Expat Life

Bringing ‘Whiskers’ abroad? A few tips.

Latest and final episode of my series called expatriation. Last not but not least…. How to bring your four legged-companion abroad?

For people like me, the expat life would not be complete without taking every single member of the family and that also means my cat. I was raised with dogs, horses, a tortoise and when I started to live on my own, the very first thing I did was to get MY cat, Muesli.

My Move to London

Muesli would travel with me absolutely everywhere, and when I moved from Paris to London, he was definitely coming along. And that was not a simple thing to achieve then!

I had to proceed by the book according to the Pet Travel Scheme requirements (PETS), waited six months before being allowed to travel to the UK with my beloved cat. And that was not all! I had sold my car – clearly not needed in London and definitely way too expensive. Eurostar only accepts guide and assistance dogs (so not an option either). I finally opted for the ferry where I had to leave my cat in the car… That was really painful for me, but at least he was moving to England with me and he did not seem to care as much as I did about the means of transport.

The journey was quite nice actually. My only biggest worry was the dreaded and pivotal moment when Muesli’s passport was checked. I had been told by my French vet that she, unfortunately, had had to collect a few ‘clients’ that had not passed the exam with flying colours obviously! I must say I felt I was back to teenagehood, feeling my whole life was about to crash down if the word uttered was a ‘No’. But fortunately, the word uttered was a ‘Yes,’ and a whole new life started for the two of us.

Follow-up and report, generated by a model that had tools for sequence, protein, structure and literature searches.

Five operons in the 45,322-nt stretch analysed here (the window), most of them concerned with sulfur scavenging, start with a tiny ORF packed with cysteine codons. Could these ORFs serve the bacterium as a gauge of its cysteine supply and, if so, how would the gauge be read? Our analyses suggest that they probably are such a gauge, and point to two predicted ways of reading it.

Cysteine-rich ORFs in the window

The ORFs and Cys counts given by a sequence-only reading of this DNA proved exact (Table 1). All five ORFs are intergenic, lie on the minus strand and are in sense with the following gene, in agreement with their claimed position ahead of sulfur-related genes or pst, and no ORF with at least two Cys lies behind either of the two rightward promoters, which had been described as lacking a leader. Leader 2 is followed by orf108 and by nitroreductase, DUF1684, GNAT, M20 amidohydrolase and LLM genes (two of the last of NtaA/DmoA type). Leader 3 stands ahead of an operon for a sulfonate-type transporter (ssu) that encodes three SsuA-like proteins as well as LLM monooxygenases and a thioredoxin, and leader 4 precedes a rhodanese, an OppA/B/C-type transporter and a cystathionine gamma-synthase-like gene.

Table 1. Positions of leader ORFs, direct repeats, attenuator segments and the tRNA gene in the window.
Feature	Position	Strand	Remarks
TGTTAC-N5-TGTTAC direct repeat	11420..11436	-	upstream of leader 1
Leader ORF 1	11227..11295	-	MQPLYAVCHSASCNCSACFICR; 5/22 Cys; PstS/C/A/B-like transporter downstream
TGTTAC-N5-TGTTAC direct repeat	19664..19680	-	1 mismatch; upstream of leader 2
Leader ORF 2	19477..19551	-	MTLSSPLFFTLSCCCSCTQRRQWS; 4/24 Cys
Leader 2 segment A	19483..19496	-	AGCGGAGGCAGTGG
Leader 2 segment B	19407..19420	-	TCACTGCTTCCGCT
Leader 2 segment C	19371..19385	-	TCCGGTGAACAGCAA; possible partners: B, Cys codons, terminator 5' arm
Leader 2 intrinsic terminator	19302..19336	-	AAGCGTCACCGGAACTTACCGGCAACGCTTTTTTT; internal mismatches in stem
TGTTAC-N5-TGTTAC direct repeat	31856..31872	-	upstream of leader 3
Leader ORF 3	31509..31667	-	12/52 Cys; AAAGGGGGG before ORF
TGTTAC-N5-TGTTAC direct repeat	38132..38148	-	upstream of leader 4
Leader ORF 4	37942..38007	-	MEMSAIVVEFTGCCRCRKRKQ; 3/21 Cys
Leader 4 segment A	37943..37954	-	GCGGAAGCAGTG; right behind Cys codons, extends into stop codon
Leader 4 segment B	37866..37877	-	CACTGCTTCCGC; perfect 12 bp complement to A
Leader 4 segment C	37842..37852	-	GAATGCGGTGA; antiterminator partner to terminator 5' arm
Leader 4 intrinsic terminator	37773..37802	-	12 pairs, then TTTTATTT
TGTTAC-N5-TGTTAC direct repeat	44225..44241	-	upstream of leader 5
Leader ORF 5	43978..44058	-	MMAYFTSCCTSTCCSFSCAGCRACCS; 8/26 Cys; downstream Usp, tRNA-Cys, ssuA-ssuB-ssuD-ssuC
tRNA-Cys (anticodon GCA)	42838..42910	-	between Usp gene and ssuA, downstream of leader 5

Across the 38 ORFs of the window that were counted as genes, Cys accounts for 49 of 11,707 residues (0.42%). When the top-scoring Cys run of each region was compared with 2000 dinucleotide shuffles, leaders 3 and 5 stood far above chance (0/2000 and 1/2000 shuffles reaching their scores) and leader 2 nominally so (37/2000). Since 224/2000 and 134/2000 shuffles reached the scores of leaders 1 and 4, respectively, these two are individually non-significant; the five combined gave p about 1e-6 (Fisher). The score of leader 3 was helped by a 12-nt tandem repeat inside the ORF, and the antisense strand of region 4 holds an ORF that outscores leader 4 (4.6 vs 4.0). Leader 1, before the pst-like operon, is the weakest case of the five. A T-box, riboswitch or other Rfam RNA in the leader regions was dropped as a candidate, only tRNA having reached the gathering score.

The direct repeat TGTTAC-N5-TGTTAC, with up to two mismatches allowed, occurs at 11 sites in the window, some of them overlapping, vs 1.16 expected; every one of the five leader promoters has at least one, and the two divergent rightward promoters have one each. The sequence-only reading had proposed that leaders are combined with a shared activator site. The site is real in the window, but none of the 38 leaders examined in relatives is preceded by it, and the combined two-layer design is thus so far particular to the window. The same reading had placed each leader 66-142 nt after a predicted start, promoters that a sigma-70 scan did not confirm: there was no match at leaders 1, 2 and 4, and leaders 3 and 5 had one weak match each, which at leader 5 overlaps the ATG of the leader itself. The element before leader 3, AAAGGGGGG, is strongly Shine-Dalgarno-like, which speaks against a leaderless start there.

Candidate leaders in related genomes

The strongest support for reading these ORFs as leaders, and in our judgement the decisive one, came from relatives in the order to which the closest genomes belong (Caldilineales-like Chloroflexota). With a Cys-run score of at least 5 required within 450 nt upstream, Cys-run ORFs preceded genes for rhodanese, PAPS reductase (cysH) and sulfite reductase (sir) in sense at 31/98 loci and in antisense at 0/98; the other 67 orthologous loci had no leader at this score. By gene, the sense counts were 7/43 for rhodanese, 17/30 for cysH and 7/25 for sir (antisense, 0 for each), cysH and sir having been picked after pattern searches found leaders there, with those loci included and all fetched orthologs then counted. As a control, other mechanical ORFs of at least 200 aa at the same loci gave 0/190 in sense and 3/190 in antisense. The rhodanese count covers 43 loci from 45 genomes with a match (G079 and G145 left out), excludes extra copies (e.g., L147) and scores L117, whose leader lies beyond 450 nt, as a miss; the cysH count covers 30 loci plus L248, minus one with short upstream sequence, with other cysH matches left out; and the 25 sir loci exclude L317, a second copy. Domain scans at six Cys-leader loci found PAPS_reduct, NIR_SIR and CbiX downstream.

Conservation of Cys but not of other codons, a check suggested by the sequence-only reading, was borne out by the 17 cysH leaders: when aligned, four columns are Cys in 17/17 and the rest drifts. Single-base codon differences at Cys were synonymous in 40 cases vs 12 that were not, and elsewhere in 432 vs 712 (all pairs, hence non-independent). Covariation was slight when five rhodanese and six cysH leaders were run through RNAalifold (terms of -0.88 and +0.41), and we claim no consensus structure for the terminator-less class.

And now a few tips

First and foremost, ask your vet what the requirements are depending on the country you live in and the country you are about to move to. You can also check all regulations on the country’s official government website or local associations.

If you are moving to the US, bear in mind that you have to comply with the federal laws as well as the state regulations. They may vary state to state. You may need to contact the state you are interested in to find out what their regulations are.

Regarding the UK, the PETS requirements I mentioned above have eased up a bit since my move, fortunately. Bear in mind that I am writing this article in August 2019. That means that we do not know for now whether there will be a deal or no-deal Brexit. The British government has warned that in the case of a ‘No-Deal’ Brexit, travelling with a pet between the UK and Europe would require a four-month preparation at the very least. If the UK leaves the EU without a deal, that will mean a whole new bunch of requirements since the UK will become an ‘unlisted country’.

If you’d like more pieces of advice on how to work abroad, being a carer abroad, how to settle in, I offer a few tips in other articles and of course way more by contacting me! I would be more than happy to share my experiences with you and guide you along the way.

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